Keep in mind that earning the credential is only the beginning. You are earning a title that attests to an ability to coach the Starting Strength Model. It is a foot in the door to begin coaching the model as a professional. As with other professional certifying organizations, continuing education is a key component of maintaining the credential. All SSCs are expected to meet annual requirements to stay in good standing as a Starting Strength Coach. This includes coaching a certain number of hours each year, regularly auditing a seminar to stay current on the teaching model and participating in the annual Starting Strength Coaches Association Conference.

As with any substantial task, the best approach is to break it into smaller components and start tackling each piece step by step. Build an outline of material and actions to complete and layout a timeline to incrementally progress through the schedule. If you are considering the SSC credential as a part of a strength coaching career, you are already training – start training correctly now, and start coaching as soon as possible while you study the prime sources and supporting material. Start engaging in the forum and seek out other lifters and coaches that use the model daily.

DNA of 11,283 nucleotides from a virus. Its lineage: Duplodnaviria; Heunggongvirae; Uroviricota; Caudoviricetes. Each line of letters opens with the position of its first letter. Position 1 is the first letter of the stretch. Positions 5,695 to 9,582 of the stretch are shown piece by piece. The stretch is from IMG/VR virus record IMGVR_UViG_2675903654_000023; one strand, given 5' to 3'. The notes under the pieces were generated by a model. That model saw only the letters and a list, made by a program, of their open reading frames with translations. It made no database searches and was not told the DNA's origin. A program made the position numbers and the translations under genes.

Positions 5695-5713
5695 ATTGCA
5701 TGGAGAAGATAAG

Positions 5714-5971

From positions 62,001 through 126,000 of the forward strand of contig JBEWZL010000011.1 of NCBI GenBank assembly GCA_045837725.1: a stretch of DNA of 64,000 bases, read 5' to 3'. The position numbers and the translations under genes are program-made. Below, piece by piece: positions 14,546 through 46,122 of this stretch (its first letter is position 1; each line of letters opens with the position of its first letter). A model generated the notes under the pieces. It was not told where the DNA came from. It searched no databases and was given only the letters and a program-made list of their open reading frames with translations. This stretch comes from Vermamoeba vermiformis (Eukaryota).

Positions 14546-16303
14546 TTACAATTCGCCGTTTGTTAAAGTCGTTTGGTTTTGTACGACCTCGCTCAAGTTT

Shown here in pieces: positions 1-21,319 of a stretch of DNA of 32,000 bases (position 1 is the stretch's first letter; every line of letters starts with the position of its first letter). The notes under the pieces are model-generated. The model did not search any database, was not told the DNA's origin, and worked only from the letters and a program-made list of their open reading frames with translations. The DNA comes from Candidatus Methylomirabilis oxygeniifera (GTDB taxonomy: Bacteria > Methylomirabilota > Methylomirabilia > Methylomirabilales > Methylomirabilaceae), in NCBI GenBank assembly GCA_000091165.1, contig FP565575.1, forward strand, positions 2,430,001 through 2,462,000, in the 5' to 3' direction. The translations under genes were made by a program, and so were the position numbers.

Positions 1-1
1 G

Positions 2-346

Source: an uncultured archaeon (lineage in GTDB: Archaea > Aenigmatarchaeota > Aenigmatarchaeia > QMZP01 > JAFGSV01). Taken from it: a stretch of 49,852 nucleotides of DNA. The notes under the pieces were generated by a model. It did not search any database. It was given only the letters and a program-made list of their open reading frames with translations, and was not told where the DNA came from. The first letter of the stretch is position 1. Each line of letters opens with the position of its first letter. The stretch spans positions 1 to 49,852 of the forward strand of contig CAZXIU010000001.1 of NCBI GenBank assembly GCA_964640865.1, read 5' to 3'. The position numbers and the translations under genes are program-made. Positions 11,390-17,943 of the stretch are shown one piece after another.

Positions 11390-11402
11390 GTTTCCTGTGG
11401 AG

One of the best ways to kick off the process is to attend a seminar as a participant without the pressure of trying to pass the platform. The experience will open your eyes to the extent of the material and familiarize you with the platform experience in a less stressful context. You will be able enjoy the seminar as an observer and you will be more prepared for your test seminar the second time through.

Start now. Get stronger and help others get stronger. Dedicate time and energy to the process of studying, training, and coaching.


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References

  1. Bradford, S. Learning and Teaching Strategies (2015).
  2. Rippetoe, M. Starting Strength: Basic Barbell Training, 3rd Edition.
  3. Rippetoe, M., Baker, A. Practical Programming for Strength Training, 3rd Edition.
  4. Sullivan, J., Baker, A. The Barbell Prescription: Strength Training for Life After 40.
  5. Netter, F. Atlas of Human Anatomy.
  6. Brooks, G., Fahey, T., Baldwin, K. Exercise Physiology: Human Bioenergetics and Its Applications.
  7. Seyle, H. (1950). Stress and The General Adaptation Syndrome. British Medical Journal
  8. Hewitt, P., Suchocki, J., Hewitt, L. Conceptual Physical Science.